‘Moderate’ turnout among Egyptian expat voters: diplomat
An Egyptian national, living in Oman, casts her ballot in the Egyptian parliamentary elections on October 17, 2015 at the Egyptian embassy in Muscat. (AFP/Mohamed Mahjoub)
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The turnout of Egyptians voting abroad remains "moderate" well into the second and last day of voting, an assistant to Egypt's foreign minister told Aswat Masriya on Sunday.
Egyptians both inside and outside the country are now voting to elect members of the House of Representatives in the first phase of two phases which includes 14 provinces.
Assistant Foreign Minister Hamdy Loza said that the turnout rates will be announced later today. But even inside Egypt, the turnout rate had only hit 1.9 percent by midday, according to the Supreme Elections Commission (SEC) spokesman.
Voters abroad are heading to 139 diplomatic missions across the world to cast their votes.
In the Belgian capital Brussels only five people had turned up to vote by midday Sunday, an official at the Egyptian Embassy there told Aswat Masriya. He added that a dozen people had voted on Saturday in Belgium, which hosts 296 eligible voters.
Meanwhile the Egyptian ambassador in Saudi Arabia said less people turned out on Sunday morning compared to Saturday morning.
Similarly, the Egyptian ambassador in Kuwait said the turnout rate on Sunday is lower than that of Saturday but added that he expected more people to vote later in the day when temperatures drop.
Loza said he is currently coordinating with SEC to look into any complaints related to voting abroad but added that so far the process went "quietly" and "without any obstacles."
On Saturday, Foreign Minister Sameh Shukri issued orders to remove all "obstacles" to voting and called for providing assistance to those with special needs and the elderly.
Article 244 of the Egyptian constitution specifically addresses Egyptians abroad among other groups that must be represented in the incoming parliament.
"The State shall endeavor that youth, Christians, persons with disability and Egyptians living abroad be appropriately represented in the first House of Representatives to be elected after this Constitution is approved," it stipulates.
The first phase of voting includes over 27.4 million eligible voters. The second phase of voting inside and outside Egypt is slated for Nov 21 - 23.
Egypt, the Arab world's most populous country, has a population of 89.7 million, with at least 8 million of its nationals living abraod. Most of the Egyptian community abroad resides in Gulf states Saudi Arabia, Kuwait and the United Arab Emirates.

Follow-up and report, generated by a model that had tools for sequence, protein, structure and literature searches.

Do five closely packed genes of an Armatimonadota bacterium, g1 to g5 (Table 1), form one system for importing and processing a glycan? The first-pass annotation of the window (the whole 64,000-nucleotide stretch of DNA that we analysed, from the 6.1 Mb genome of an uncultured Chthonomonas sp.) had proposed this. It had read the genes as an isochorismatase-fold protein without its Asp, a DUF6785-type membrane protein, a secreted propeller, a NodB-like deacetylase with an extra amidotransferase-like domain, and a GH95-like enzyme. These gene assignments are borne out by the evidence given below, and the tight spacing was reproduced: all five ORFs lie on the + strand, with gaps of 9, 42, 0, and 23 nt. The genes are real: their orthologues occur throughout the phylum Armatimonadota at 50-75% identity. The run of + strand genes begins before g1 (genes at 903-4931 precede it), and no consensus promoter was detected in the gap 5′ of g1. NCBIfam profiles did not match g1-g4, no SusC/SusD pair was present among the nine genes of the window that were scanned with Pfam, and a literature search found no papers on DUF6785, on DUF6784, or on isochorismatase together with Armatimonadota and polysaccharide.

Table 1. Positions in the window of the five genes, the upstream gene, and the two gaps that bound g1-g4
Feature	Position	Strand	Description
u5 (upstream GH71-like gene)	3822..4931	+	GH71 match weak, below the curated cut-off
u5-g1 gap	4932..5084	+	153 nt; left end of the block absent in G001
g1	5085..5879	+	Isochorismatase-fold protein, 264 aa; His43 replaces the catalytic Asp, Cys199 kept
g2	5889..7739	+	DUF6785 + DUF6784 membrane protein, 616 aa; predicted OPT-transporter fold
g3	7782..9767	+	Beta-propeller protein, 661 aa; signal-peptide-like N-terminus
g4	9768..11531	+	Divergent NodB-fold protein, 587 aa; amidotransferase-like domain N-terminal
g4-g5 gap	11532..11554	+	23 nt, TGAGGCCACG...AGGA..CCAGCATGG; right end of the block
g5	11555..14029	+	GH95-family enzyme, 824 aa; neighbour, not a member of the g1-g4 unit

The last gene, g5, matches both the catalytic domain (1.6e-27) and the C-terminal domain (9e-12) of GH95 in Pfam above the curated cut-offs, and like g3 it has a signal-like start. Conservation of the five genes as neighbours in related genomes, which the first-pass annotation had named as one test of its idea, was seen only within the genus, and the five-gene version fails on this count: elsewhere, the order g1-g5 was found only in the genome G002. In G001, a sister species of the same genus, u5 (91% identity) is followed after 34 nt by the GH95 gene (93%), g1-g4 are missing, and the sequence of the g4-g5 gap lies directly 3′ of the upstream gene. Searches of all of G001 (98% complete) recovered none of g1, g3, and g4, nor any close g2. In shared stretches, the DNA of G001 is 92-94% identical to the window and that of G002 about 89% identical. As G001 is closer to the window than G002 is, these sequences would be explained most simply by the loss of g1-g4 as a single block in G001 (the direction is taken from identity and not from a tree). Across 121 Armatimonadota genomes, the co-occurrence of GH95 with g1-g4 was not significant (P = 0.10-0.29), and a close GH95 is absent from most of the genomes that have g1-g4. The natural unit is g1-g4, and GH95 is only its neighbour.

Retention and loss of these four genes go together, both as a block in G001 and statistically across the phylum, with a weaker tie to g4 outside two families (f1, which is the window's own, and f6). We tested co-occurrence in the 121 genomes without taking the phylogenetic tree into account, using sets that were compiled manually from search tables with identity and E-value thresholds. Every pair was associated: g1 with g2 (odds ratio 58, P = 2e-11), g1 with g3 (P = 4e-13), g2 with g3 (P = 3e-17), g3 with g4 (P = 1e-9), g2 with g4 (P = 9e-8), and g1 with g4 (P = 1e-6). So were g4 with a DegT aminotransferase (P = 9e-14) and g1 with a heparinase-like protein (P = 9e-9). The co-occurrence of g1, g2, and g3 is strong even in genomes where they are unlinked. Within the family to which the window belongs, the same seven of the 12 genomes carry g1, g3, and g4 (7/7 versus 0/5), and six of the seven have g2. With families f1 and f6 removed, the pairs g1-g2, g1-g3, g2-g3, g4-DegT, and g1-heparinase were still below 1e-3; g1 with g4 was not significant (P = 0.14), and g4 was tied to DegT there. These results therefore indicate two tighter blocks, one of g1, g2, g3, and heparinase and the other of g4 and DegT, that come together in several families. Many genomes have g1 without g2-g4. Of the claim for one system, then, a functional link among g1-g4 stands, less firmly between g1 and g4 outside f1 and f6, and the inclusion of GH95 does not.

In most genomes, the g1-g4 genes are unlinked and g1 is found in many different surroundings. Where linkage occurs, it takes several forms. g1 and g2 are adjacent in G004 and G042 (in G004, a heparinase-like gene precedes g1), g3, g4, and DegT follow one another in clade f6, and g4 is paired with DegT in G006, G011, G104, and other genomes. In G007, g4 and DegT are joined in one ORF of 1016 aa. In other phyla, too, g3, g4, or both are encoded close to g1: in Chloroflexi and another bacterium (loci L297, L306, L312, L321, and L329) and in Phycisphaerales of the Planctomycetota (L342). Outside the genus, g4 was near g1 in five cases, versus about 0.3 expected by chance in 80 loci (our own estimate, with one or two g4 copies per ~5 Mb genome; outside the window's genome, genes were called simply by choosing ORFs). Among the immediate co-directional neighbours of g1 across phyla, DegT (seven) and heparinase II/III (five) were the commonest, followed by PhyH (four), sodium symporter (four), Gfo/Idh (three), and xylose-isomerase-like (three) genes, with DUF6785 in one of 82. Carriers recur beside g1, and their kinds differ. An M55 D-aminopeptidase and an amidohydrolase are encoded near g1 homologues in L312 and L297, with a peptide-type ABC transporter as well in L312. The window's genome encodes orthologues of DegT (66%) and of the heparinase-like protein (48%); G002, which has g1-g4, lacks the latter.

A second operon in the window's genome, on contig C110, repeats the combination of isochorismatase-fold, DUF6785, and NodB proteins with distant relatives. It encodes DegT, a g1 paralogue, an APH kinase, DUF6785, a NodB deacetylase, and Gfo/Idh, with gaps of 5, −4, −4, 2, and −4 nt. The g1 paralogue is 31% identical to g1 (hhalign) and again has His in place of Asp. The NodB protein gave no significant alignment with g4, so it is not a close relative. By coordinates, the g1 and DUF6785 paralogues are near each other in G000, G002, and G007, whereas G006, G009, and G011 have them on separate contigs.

In previous elections, Egyptians abroad complained that they had to register before they could vote. This time around, they only need to present their passports or national identity cards at embassies and consulates to vote.
On Saturday, President Abdel Fattah al-Sisi called on Egyptians to "line up outside polling stations."
Addressing Egyptians abroad, Sisi said that their participation will show the world what the "new Egypt" looks like.
The elections represent the final step in Egypt's "roadmap to democracy", announced by then-Defence Minister Sisi in July 2013, following the military ouster of President Mohamed Morsi, who hails from the Muslim Brotherhood.
Designated a "terrorist organization" in December 2013, the Muslim Brotherhood, via its political arm the Freedom and Justice Party, had won over 40 percent of the 2012-11 parlaimentary seats in Egypt's bicameral People's Assembly.
Unable to officially contest the elections this year, the Brotherhood and other supporters have called for a boycott of the polls.
The 2015 unicameral House of Representatives, observers say, will witness the return of now defunct National Democratic Party (NDP) members, who dominated parliament under President Hosni Mubarak.
The NDP reaped a sweeping victory in the last elections held under Mubarak in 2010. Within monhts, a popular uprising against Mubarak and his regime ended his rule. The election results are often cited as one of the main sparks of the 2011 uprising.
by Hend Kortam